– Behind-the-scenes: 2019 TALON 1000 R / X Chassis, Testing, Design and Production Interviews with Honda –
All right guys! We’ve got the big 2019 Honda Sport SxS / Side by Side announcements out of the way on the All-New TALON 1000R and 1000X models and now it’s time to start taking a deeper dive into some of the nitty-gritty things around the new TALON 1000 sport models and what makes it special as well as what it took to get Honda to this point.
Today we’re going to have a chat with a Senior Designer at Honda R&D America about TALON 1000 Design aspects and then with the Chief Engineer of Development Planning with Honda R&D America about what it took to bring the TALON 1000 models to Production. Then followed up by New Model Planning at Honda South Carolina for details on the Chassis / Frame to the Manager, Chief Engineer at Honda R&D America about what went on with Testing the new TALON 1000 models so that way Honda can dominate with their usual reliability that everyone expects and anticipates when they buy a new Honda.
- Related TALON 1000 Blog Posts:
- 2019 TALON 1000 R / X Clutch Warning + Pioneer 1000 Engine / Transmission Changes – Click Here
- 2019 TALON 1000R Video Review – Click Here
- 2019 TALON 1000R Detailed Review / Specs / R&D – Click Here
- 2019 TALON 1000X Detailed Review / Specs / R&D – Click Here
- 2019 TALON 1000 R / X Chassis, Testing, R&D Interviews – Click Here
- 2019 TALON 1000 R / X Accessory Lineup Breakdown – Click Here
- First 2019 TALON 1000R on 35″ Tires + 20″ Wheels – Click Here
- First 2019 TALON 1000X on 33″ Tires + 18″ Wheels – Click Here
- Video | Here’s why the 2019 TALON 1000R is worth $20,999 – Click Here
- Video | TALON 1000R Sideways with Customer + Me Driving! – Click Here
- 2020 – 2021 Honda TALON 1000 + Pioneer Model Lineup News / Sneak Peek – Click Here
TALON 1000 Design (1000R & 1000X)
- What word would you use to describe what you were going for with the Talon’s look?
- “Capable.” When you looked at this vehicle, we wanted you to know that it’s able to take any terrain. Mud, trail, open—the actual capabilities of it were really what we wanted to emphasize. You look at this vehicle, and you know it can go anywhere.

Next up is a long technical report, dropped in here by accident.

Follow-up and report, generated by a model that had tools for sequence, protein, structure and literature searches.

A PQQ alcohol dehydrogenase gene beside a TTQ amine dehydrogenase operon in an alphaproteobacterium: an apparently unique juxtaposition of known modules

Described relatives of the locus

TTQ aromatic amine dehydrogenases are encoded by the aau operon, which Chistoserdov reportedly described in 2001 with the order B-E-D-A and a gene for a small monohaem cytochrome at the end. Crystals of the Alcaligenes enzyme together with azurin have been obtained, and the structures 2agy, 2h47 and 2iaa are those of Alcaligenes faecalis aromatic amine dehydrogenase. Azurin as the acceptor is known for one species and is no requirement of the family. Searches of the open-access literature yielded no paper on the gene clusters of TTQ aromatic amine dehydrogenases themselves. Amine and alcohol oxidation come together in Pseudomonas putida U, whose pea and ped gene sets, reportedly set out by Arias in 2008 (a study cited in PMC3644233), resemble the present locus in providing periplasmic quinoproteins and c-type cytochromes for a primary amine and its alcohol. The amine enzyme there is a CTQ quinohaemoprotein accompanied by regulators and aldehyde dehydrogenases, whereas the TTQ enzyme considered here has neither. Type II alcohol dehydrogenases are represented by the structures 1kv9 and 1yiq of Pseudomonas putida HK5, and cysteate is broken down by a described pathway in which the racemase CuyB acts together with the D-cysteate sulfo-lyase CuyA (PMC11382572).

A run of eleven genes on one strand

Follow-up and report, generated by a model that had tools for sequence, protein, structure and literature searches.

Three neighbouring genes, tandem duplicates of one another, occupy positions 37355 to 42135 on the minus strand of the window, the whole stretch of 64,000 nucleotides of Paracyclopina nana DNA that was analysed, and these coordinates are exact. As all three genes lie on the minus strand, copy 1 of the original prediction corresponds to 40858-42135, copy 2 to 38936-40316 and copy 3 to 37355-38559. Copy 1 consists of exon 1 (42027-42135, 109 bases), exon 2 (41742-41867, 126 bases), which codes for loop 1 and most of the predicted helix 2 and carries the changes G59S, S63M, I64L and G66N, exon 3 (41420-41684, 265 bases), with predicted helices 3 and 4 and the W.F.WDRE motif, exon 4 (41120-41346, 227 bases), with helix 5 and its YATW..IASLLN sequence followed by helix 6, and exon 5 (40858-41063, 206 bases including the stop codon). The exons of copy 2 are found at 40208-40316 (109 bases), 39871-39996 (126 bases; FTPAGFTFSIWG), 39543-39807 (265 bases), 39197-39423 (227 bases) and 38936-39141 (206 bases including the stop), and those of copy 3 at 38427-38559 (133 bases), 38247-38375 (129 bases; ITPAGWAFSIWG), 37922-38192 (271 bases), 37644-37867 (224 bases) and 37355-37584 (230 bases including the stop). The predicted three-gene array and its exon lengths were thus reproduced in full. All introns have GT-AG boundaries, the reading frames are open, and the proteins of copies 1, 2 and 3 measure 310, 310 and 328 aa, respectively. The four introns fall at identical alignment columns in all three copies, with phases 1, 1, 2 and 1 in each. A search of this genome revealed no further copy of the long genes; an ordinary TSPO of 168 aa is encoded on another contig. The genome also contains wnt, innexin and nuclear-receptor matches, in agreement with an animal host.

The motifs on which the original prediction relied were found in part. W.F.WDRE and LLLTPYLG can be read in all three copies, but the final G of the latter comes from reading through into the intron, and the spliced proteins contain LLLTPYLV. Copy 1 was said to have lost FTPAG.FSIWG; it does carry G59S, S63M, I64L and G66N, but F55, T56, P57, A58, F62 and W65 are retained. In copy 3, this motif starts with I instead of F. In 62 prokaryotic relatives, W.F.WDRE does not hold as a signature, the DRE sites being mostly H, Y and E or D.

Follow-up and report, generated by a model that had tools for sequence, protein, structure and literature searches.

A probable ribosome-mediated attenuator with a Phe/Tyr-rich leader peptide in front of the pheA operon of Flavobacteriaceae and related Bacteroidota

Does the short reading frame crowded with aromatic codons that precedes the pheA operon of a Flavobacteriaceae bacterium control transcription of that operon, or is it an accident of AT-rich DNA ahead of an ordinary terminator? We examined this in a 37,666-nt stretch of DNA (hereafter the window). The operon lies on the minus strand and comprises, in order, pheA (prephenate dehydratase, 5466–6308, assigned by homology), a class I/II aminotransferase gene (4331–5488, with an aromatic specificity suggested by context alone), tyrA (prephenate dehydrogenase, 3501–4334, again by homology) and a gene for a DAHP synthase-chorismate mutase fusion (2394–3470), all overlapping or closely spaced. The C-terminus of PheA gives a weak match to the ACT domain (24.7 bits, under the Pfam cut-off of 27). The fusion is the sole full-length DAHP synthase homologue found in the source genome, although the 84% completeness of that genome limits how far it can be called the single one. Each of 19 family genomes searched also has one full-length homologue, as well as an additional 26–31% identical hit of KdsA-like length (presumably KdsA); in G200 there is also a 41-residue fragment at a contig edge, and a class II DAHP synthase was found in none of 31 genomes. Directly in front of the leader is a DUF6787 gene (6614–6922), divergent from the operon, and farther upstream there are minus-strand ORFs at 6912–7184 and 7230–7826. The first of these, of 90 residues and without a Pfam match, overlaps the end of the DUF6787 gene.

- Where did you draw your inspiration for the Talon?
- Honda has so much experience and so much success on our off-road dirt bikes, the CRF line, and that’s a highly capable, performance-based vehicle. We wondered what it would it look like if you took something as nimble and capable as the CRF and applied the visual elements to something like a four-wheel Sport side-by-side product.
- In what ways did the CRF line inform the design?
- The Talon’s high bodyline, from a visual standpoint on the exterior, is to create a continuous, cohesive body side from front to rear. Without that, a vehicle can appear kind of primitive and broken, so we wanted a front-to-rear communication in this vehicle—one gesture. That high-bodyline exterior was inspired by the CRF, that top line of the motorcycle and that visual dynamic that it conveys. The interior also becomes more secure feeling for the driver and passenger, so that high bodyline is something that’s functional as well as visually impactful.
- How did the design evolve?
- Initially, we research the product, then it goes to sketching, and that sketching is reviewed by multiple disciplines to understand feasibility, cost, outlooks, those types of things. Once a certain overall image is selected—that’s an internal, global effort to reach that consensus as to a fixed 2D image of what we’re going to achieve—then we move to 3D, and that 3D process includes clay, previsualization in CAD, and from there we move forward. The final output is CAD, and we work from there.
- Is designing a Sport side-by-side particularly exciting?
- For sure there’s excitement from the design side in dealing with the sport/performance category, but at the same time we’re trying to field a family image based on representing Honda’s durability, quality and reliability. We push to achieve something that’s a coherent part of the product family. I think it’s pretty clear that Honda vehicles are class leading when it comes to reliability and dependability, and I constantly have to support that. We go through immense amounts of testing and back-and-forth to ensure the quality of the product.
- How did the design objectives adjust as the project progressed?
- The objective never changed, but of course there’s an incredible amount of maturing that takes place when you’re dealing with a ground-up build like this. I’m constantly addressing that and basically adapting that initial design to how the project continually grows.
- Were there any notable design departures that made it into the final version?